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Satchmo: The Wonderful World and Art of Louis Armstrong

Steven Brower

(Abrams; US: Mar 2009)

Long has Louis Armstrong been heralded as one of the greatest entertainers of all time. Armstrong transformed popular music while serving as an ambassador for racial equality (he financially backed Martin Luther King, Jr.). Of all his talents, though, Armstrong also held dear his collages and artwork. 


Satchmo: The Wonderful World and Art of Louis Armstrong goes above and beyond any mere biography by showing more private portions of the legend’s life. In this rare treat, the modern day fan of Louis Armstrong can see that he was not only adept at manipulating audio spatial concepts, but also carried this insight into the visual realm.


The book is organized by a timeline and biography of Armstrong’s life, with extra details provided by Armstrong’s personal assistance, Phoebe Jacobs. Author Steven Brower offers a thorough explanation into the personal side of Armstrong, providing crisp color scans of his never-before-seen collages, scrapbook pages, personal writings, and artwork. These color reproductions capture the wit and brilliance of the legend. For the first time, fans of his persona and works can delve deeply into the mind of a more private Armstrong.


“Well, you know, my hobbie (one of them anyway) is using a lot of scotch tape. My hobbie is to pick out the different things during what I read and piece them together and [make] a little story of my own”, Armstrong wrote. Often he would use photos of himself and others, photos of women (and anything celebrating the female form), snippets from greeting cards, movie stills, et al. all while inserting references to marijuana and Swiss Kriss, a type of laxative he and wife Lucille touted. He would insert handwritten notes and letters into these pictures. It seems he always had a pair of scissors handy.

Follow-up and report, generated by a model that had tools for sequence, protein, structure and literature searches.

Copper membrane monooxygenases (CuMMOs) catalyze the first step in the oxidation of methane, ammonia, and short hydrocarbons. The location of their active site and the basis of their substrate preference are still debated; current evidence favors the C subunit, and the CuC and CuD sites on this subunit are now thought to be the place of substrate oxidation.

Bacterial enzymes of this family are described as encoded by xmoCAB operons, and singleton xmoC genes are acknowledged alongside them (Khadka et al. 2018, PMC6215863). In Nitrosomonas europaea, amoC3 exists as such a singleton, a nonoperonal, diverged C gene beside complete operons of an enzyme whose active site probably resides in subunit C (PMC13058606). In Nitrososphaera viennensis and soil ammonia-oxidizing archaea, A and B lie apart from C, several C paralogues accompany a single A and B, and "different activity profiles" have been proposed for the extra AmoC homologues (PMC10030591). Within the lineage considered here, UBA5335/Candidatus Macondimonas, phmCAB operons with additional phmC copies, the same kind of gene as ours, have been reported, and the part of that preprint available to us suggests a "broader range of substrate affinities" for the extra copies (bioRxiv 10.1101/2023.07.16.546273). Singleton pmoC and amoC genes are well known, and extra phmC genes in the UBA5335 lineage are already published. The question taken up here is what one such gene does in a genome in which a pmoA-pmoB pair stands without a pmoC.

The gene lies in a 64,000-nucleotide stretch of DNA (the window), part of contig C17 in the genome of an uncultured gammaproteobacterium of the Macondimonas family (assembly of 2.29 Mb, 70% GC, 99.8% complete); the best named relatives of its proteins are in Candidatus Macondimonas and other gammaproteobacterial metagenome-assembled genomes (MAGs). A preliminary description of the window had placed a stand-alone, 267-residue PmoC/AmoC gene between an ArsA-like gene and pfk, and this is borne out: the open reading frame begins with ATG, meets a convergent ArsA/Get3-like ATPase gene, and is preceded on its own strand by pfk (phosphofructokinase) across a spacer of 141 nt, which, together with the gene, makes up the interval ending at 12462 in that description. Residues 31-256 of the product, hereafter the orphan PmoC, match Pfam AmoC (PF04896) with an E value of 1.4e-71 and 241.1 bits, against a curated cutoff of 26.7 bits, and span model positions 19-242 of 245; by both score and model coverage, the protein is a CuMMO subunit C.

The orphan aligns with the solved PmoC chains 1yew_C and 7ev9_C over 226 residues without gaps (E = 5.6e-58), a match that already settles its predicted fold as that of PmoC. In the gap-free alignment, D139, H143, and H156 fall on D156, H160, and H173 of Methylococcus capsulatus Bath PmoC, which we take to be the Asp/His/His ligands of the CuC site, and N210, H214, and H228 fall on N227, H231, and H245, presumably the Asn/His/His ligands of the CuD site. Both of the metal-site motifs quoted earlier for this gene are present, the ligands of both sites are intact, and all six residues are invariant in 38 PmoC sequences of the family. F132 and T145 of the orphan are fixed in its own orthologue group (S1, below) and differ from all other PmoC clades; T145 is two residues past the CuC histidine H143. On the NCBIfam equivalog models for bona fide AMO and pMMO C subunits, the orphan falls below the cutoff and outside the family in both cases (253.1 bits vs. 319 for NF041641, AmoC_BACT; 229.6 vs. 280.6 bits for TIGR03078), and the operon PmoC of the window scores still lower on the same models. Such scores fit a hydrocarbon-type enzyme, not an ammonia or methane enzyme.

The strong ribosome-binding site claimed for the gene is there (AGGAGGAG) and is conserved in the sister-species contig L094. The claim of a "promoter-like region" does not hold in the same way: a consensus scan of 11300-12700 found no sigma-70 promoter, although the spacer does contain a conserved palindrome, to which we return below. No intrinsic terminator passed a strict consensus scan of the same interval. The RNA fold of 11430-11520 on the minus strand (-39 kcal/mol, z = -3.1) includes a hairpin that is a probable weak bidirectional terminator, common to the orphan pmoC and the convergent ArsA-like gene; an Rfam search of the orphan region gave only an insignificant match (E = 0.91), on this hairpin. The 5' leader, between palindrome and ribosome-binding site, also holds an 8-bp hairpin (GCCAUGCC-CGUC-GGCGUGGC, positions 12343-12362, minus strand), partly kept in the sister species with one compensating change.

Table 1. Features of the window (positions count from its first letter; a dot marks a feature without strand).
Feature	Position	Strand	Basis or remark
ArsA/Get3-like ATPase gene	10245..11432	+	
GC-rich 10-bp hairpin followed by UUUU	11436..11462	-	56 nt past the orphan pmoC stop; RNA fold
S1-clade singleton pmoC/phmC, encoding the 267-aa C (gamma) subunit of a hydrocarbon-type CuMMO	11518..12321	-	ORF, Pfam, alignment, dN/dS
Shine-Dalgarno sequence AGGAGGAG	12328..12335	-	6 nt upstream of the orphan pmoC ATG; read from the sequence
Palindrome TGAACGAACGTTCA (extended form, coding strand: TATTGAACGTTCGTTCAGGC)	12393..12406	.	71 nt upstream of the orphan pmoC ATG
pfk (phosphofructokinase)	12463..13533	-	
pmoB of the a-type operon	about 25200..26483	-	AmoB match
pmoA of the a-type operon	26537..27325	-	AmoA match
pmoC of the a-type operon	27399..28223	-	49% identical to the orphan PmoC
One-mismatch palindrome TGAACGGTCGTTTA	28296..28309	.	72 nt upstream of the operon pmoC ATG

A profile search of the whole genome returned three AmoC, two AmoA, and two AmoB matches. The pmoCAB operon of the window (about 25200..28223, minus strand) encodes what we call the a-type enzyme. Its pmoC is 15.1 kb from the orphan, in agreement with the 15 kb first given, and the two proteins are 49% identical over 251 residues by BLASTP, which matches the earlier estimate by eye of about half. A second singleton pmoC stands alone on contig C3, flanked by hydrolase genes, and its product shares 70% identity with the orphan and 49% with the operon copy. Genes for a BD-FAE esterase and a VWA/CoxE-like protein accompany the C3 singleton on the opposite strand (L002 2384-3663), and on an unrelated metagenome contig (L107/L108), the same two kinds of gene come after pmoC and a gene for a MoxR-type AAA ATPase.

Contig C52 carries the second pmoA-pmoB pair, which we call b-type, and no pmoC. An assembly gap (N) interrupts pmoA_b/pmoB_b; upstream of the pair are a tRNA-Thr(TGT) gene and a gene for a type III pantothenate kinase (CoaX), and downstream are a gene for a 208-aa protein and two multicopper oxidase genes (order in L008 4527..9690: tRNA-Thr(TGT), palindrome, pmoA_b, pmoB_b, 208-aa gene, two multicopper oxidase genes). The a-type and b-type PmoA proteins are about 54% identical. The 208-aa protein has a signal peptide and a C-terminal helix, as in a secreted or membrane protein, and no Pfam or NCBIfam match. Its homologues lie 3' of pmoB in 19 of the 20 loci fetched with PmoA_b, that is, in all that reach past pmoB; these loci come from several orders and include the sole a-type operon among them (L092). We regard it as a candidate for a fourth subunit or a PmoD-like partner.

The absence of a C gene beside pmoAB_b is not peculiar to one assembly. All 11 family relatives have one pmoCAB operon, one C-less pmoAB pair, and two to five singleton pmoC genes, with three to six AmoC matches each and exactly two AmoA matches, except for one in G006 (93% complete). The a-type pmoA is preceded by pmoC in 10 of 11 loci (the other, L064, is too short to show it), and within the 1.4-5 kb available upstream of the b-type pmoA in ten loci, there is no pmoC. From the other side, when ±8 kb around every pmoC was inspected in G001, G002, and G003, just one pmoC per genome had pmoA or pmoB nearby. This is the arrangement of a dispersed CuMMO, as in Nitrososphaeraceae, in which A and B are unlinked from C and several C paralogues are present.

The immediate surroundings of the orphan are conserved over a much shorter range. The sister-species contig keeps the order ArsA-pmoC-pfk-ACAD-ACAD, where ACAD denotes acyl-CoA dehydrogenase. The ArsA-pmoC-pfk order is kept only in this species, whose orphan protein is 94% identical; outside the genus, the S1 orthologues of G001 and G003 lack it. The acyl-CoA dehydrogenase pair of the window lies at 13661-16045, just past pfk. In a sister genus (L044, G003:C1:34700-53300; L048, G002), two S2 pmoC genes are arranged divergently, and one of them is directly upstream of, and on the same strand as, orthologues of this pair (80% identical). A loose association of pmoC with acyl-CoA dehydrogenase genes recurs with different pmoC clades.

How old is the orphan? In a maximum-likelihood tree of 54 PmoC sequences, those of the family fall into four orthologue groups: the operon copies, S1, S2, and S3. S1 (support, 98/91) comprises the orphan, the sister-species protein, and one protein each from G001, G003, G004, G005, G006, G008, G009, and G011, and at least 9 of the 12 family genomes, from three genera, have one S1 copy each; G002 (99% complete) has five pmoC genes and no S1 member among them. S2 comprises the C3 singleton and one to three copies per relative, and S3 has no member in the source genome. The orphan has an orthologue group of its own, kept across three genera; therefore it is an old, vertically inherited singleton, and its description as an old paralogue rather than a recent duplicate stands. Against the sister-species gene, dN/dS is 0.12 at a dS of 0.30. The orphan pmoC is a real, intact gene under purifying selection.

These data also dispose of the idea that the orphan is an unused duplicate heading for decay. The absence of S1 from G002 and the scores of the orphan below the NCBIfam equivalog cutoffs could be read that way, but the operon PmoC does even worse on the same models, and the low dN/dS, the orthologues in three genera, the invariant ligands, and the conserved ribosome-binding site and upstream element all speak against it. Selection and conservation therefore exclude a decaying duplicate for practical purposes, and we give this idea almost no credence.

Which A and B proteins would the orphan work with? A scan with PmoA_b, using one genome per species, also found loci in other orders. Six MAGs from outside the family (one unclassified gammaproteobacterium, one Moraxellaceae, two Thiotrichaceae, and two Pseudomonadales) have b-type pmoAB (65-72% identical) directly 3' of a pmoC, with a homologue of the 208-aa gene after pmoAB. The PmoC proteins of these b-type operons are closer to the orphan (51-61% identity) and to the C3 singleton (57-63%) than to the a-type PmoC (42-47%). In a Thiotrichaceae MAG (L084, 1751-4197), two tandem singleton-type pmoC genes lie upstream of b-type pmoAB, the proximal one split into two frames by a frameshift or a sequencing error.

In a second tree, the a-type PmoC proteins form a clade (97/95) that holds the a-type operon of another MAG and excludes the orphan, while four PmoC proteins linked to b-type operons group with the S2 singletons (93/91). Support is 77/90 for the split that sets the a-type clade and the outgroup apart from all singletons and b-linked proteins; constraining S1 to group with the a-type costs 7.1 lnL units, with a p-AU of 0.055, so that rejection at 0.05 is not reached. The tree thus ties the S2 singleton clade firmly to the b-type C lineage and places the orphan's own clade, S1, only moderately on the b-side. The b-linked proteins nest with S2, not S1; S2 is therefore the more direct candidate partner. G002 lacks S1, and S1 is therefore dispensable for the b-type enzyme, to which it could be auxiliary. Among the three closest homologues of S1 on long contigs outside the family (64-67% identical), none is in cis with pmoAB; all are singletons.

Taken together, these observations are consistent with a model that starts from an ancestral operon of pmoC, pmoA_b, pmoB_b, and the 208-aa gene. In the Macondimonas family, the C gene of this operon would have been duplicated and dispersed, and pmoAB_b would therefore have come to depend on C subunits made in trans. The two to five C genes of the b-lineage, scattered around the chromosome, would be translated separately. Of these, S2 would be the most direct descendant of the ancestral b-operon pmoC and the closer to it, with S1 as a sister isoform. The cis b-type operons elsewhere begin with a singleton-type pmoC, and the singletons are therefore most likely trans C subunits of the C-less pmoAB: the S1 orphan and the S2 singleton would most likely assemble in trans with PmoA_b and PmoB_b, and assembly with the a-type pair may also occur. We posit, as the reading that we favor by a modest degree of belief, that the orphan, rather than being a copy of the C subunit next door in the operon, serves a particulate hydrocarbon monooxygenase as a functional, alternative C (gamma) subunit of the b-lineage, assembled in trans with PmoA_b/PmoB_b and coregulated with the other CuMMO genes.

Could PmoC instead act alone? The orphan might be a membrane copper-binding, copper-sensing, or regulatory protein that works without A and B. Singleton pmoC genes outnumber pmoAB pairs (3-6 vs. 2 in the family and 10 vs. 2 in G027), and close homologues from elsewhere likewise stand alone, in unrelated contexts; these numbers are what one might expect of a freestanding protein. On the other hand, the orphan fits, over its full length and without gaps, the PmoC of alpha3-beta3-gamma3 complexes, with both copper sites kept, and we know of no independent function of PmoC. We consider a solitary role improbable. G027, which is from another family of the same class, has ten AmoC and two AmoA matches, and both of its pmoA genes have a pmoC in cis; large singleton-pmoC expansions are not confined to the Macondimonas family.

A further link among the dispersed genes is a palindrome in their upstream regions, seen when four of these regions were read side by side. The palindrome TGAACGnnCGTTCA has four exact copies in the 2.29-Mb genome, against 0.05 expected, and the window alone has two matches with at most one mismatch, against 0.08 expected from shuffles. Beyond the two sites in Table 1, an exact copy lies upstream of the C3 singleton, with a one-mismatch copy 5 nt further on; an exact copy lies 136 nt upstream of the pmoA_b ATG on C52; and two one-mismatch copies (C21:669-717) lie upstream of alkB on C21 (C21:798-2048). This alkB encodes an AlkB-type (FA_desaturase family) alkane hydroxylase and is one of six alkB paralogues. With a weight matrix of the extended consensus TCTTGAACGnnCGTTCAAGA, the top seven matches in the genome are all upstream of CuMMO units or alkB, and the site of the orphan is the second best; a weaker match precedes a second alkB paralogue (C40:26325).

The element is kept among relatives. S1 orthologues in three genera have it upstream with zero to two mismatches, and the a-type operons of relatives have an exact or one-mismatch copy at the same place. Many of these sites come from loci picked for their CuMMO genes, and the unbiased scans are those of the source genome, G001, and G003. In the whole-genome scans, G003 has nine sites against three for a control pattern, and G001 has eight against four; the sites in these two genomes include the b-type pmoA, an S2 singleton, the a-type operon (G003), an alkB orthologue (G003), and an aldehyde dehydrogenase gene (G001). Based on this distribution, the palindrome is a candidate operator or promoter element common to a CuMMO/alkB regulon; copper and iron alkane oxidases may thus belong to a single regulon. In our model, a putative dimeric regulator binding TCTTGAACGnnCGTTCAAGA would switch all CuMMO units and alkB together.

Just as Armstrong was known for creating new spatial structures in music, so was he able to manipulate the spatial quality of his artwork. He “ragged” on jazz melodies and invented a new style of singing, i.e., putting sounds in unusual spots and syncopating rhythms. His brand new style of phrasing had the world talking. He would take a melody and play something else on top. 


Armstrong took these unfamiliar spatial concepts to his collages, for instance by using medical tape to outline a particular picture. He would use implied lines, organizing his canvas so that the viewer’s eye moves a certain way around the piece. He coordinated colors and utilized negative space.


The majority of the book is page after page of Armstrong’s scanned covers of his record collection. For instance, “Reel 32” shows a picture of Armstrong standing across from an unnamed woman. The medical tape forms an oval frame and a piece of tape bisecting the photo separates the two figures. 


This book’s rare glimpses into Armstrong’s personal thoughts allows for an extra connection to the icon. We can see his pen strokes, the placement of each piece of tape, and the angle at which he cut a picture. One can really gain a sense of the time and care it took to construct these images. We can get a lot of information from stories, but this visual accompaniment we get here adds extra life to the effusive Armstrong persona. Something tells me that if he were alive today, Armstrong would make one hell of a mixtape.

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